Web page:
January 15, 2008
Many Blacks Remain Wary of Clinical Trials
Many African-American patients refuse to join medical studies because they fear they will be lied to and harmed by scientists who view them as human guinea pigs, according to a study by Johns Hopkins researchers.
Confirming the observations of many researchers, the study might explain why clinical trials of new therapies fail to enroll enough black participants -- and why trials might fail to predict how blacks will react to new drugs and medical devices.
Incidents such as the Tuskegee study -- the infamous 40-year experiment in which researchers withheld treatment from black men with syphilis -- have left many blacks wary of doctors and medical research, the Hopkins researchers concluded.
"African-Americans are twice as likely to perceive harm in clinical trials than whites," said Dr. Neil R. Powe, a professor of medicine at Johns Hopkins and lead author of the study, "and that accounts for their unwillingness to participate in medical research."
Other experts agreed that some African-Americans fear exploitation and urged researchers to allay those concerns by doing a better job of communicating the risks and benefits of medical research.
"While distrust is an issue, you have to ask yourself why is there still distrust," said Dr. Claudia R. Baquet, director of the University of Maryland's Center for Health Disparities. "One of the problems is physicians don't discuss clinical trials with their patients. People don't feel like they can make an informed decision about participating."
One recent study of 14 million cancer patients in the United States, for instance, found that while 3 percent to 4 percent of all patients participated in a clinical trial, only 0.5 percent of African-Americans patients participated.
Although researchers often cite distrust of the medical establishment as the reason blacks avoid studies, until now that opinion has been based mostly on anecdotal reports by doctors and researchers, Powe said.
"We thought we knew, but no one had made that direct link," he said.
To test whether African-Americans were indeed more fearful of medical research than whites, Powe and his colleagues surveyed 717 outpatients at 14 Maryland clinics. Of the respondents, 36 percent were black and the rest white.
When asked if they would participate in a mock study of a heart disease drug, black men and women were only 60 percent as likely as whites to agree to participate.
Blacks were also more distrustful of doctors than whites were. For instance, 58 percent of black patients felt their physicians would willingly give them experimental drugs without their consent, compared with 28 percent of whites.
Similarly, 25 percent of blacks but only 15 percent of whites said their doctors would ask them to participate in a risky study.
This distrust means that fewer blacks participate in research, Powe said, and as a result, studies might miss important biological differences in how people of different races respond to new medical therapies.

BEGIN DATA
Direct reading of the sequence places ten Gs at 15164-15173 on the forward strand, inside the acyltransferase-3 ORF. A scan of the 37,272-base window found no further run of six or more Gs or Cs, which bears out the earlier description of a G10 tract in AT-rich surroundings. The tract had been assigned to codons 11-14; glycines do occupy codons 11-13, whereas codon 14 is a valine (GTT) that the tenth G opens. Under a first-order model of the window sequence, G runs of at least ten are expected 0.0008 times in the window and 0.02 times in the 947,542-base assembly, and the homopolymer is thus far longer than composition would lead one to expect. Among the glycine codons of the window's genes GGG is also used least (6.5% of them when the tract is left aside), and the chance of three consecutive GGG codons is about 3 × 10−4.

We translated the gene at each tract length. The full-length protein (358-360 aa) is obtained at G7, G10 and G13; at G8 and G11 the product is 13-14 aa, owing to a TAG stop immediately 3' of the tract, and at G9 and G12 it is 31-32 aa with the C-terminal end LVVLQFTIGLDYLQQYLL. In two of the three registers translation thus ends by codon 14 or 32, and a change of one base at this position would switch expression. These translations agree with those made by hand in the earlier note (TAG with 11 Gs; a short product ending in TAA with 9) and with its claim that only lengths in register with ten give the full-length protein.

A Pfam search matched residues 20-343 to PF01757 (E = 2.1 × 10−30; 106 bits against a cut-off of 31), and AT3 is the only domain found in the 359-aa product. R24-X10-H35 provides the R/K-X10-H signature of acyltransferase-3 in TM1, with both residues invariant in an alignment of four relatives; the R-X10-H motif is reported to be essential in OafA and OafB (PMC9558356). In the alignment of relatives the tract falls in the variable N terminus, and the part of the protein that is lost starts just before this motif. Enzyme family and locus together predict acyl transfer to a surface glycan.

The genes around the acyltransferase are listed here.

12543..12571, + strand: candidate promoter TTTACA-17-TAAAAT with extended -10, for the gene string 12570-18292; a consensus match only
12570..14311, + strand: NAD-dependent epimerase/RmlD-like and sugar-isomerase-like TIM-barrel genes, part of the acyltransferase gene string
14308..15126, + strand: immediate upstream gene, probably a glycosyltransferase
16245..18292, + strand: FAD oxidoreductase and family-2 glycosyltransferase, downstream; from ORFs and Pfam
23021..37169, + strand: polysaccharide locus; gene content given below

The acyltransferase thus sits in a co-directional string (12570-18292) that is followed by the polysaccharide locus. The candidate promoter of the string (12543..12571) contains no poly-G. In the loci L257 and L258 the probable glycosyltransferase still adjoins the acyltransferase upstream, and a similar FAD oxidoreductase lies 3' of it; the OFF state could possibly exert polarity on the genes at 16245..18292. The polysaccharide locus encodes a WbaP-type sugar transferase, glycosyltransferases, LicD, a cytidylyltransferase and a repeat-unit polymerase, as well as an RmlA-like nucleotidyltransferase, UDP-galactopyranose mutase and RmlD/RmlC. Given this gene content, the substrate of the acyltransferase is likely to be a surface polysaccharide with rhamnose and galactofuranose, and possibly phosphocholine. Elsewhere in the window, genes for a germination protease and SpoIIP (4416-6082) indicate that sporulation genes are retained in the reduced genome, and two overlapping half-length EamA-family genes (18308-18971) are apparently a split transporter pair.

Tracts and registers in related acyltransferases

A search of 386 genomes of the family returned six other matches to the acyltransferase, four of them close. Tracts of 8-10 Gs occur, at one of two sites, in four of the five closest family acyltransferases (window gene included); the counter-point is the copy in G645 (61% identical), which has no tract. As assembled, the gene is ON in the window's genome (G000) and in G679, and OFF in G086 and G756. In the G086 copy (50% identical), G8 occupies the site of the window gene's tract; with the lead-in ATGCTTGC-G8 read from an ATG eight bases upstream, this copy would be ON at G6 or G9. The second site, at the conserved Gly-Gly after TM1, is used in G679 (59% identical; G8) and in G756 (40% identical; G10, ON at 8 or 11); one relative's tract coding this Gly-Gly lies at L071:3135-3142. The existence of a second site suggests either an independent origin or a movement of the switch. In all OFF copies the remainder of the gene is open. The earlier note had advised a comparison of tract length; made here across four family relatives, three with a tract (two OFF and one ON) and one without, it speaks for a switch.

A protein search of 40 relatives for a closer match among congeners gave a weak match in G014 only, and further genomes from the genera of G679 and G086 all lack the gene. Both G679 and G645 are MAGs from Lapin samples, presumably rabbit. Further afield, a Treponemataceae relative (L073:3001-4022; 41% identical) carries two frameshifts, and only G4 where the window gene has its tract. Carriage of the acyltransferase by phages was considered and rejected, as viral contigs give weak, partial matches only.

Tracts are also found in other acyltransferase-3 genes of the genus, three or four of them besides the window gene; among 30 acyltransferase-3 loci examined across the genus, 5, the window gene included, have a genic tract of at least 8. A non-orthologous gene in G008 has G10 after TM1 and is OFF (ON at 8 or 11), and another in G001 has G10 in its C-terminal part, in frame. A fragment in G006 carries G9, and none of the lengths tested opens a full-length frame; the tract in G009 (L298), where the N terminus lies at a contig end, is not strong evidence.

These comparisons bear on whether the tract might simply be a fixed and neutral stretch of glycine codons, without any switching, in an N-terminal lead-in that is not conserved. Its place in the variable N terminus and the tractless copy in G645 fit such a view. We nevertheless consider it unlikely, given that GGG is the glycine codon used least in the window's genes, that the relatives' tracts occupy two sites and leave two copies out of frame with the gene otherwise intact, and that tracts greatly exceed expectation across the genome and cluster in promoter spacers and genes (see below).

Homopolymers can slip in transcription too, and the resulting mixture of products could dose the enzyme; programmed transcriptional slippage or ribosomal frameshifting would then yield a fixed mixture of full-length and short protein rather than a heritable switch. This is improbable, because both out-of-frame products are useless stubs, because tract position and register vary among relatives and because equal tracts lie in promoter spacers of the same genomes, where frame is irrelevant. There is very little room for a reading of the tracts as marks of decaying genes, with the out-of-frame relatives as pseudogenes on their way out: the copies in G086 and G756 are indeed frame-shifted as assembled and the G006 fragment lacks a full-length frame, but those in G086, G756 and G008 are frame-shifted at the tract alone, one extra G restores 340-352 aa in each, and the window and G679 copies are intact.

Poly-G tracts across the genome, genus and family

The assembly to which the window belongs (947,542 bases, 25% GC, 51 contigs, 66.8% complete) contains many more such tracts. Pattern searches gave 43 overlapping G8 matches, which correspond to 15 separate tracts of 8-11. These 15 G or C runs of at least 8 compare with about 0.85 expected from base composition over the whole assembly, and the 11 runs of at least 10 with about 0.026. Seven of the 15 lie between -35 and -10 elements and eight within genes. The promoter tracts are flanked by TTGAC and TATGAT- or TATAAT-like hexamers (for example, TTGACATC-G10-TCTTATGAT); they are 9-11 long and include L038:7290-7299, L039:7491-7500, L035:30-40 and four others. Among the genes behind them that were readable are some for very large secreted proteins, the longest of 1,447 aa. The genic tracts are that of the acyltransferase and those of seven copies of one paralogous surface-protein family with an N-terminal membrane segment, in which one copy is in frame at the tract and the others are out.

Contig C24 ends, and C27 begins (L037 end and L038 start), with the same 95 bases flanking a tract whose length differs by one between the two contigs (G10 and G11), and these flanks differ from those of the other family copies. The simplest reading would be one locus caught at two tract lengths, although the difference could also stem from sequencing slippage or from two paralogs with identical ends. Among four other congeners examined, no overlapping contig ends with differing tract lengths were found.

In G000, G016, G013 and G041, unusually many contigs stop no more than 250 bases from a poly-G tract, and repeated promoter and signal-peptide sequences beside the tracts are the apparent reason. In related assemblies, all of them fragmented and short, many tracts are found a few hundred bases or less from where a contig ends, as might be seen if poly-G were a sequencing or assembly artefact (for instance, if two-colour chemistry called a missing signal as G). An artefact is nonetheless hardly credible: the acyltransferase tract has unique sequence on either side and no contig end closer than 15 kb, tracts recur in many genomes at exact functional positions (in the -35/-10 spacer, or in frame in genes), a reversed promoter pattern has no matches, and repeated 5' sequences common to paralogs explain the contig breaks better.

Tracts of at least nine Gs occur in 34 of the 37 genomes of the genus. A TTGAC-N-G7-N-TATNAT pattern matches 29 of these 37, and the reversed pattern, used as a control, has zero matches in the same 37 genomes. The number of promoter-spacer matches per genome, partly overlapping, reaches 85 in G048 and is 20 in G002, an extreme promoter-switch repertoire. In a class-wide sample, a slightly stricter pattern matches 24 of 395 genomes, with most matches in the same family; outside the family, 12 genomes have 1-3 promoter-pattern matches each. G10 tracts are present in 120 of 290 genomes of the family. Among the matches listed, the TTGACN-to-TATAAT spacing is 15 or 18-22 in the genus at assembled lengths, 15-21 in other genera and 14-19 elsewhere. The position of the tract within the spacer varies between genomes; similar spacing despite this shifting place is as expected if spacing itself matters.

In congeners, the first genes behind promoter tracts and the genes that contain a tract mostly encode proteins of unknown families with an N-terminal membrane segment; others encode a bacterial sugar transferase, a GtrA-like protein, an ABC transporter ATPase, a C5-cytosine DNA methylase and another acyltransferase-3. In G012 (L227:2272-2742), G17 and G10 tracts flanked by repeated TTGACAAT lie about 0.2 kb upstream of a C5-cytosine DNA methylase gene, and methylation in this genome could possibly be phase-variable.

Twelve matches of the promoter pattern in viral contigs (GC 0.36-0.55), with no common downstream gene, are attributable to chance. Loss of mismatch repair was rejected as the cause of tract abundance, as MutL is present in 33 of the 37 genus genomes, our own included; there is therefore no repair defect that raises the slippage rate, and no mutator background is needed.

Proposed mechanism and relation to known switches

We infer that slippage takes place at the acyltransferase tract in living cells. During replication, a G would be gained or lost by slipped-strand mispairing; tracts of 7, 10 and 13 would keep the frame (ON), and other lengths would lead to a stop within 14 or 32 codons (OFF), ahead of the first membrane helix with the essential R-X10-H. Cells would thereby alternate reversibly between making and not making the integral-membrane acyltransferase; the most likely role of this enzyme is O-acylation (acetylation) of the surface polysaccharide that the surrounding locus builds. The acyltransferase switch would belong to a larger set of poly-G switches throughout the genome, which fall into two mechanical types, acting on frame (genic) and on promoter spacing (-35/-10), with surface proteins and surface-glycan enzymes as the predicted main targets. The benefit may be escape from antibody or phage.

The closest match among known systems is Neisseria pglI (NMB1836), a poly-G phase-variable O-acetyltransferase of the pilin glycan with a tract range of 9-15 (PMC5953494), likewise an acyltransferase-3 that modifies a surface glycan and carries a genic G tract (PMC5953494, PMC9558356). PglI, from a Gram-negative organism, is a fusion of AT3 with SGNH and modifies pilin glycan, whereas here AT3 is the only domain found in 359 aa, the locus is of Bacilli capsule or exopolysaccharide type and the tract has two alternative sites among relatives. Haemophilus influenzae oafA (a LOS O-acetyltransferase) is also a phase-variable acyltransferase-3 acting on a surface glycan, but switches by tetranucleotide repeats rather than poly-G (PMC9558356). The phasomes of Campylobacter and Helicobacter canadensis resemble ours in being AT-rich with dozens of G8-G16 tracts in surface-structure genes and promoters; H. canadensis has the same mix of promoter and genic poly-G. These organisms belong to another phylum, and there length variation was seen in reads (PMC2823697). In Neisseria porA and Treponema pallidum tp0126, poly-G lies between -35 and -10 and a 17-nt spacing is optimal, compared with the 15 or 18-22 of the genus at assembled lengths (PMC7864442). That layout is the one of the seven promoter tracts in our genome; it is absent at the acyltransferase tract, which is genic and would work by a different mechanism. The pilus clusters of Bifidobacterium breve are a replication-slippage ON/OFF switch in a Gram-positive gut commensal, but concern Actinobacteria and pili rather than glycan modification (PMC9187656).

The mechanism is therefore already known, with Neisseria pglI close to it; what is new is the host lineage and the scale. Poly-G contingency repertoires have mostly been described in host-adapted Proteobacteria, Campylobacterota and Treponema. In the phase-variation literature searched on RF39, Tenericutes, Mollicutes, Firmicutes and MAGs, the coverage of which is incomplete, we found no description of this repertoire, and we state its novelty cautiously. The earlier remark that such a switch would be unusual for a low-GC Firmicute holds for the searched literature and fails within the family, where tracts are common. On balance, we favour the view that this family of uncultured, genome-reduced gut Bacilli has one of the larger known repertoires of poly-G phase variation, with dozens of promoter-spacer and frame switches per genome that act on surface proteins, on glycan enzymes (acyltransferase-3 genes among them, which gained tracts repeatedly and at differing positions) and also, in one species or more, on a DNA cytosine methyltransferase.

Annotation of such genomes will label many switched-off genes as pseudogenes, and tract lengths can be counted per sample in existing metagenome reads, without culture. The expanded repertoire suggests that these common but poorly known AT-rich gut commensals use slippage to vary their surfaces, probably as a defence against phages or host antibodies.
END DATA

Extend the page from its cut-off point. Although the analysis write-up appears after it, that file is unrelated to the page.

"If we don't test therapies in certain populations, how can we expect to know anything about whether they work in those populations?" Powe said. The results of his study were published online yesterday in the journal Medicine.
Wayne Bridge, 52, a retired African-American state trooper who lives in Baltimore, traced the origins of his general wariness to slavery. "After that little Carnival Cruise we enjoyed from Africa, maybe that plays a role in the attitude," he said.
Harriet A. Washington, the author of Medical Apartheid, a book published last year on the history of medical experimentation on African-Americans, said that the medical establishment's reputation for misleading blacks is deserved.
Among Washington's assertions: Sick black slaves in the 1800s were sold to doctors for experimentation, doctors sterilized blacks without their consent after the Civil War, and African-American patients were subjected to deadly, experimental doses of radiation in the 1950s.
"There is a long, unhappy and unfortunately consistent history of exploitation of blacks by the medical system," she said. "Many, many African-Americans have preserved the memory of these abuses."
Theodore Hunter, 60, an African-American resident of West Baltimore who works at Baltimore-Washington International Thurgood Marshall Airport, cited the Tuskegee study as a reason he would refuse to join a clinical trial. During the study, which ran from 1932 to 1972, white doctors allowed 400 black men, most of whom were illiterate, to suffer for decades without treatment.
Hunter sees Tuskegee as a cautionary tale. "We don't know what's going on at Johns Hopkins University or the University of Maryland," he said. "It might be run by white doctors, and you don't know if they're giving you something to make you better or worse."
Dr. Ezekiel Emanuel, the chair of the Department of Bioethics at the National Institutes of Health, acknowledged that racism existed -- and might still exist -- among doctors performing research.
But the exploitative research of the past, he said, was less directed at a certain race than at vulnerable populations in general -- the poor, prisoners and institutionalized children, for instance.
"The question you have to ask is whether race was the determining factor -- there were plenty of abuses of whites as well," he said. Researchers operate under much stricter ethical guidelines nowadays, he said, and clinical trials on the whole are safer.
"The practice of clinical research in the past was very different to what's been put in place now," he said. "It's usually in people's interest to participate now, but nothing is risk free."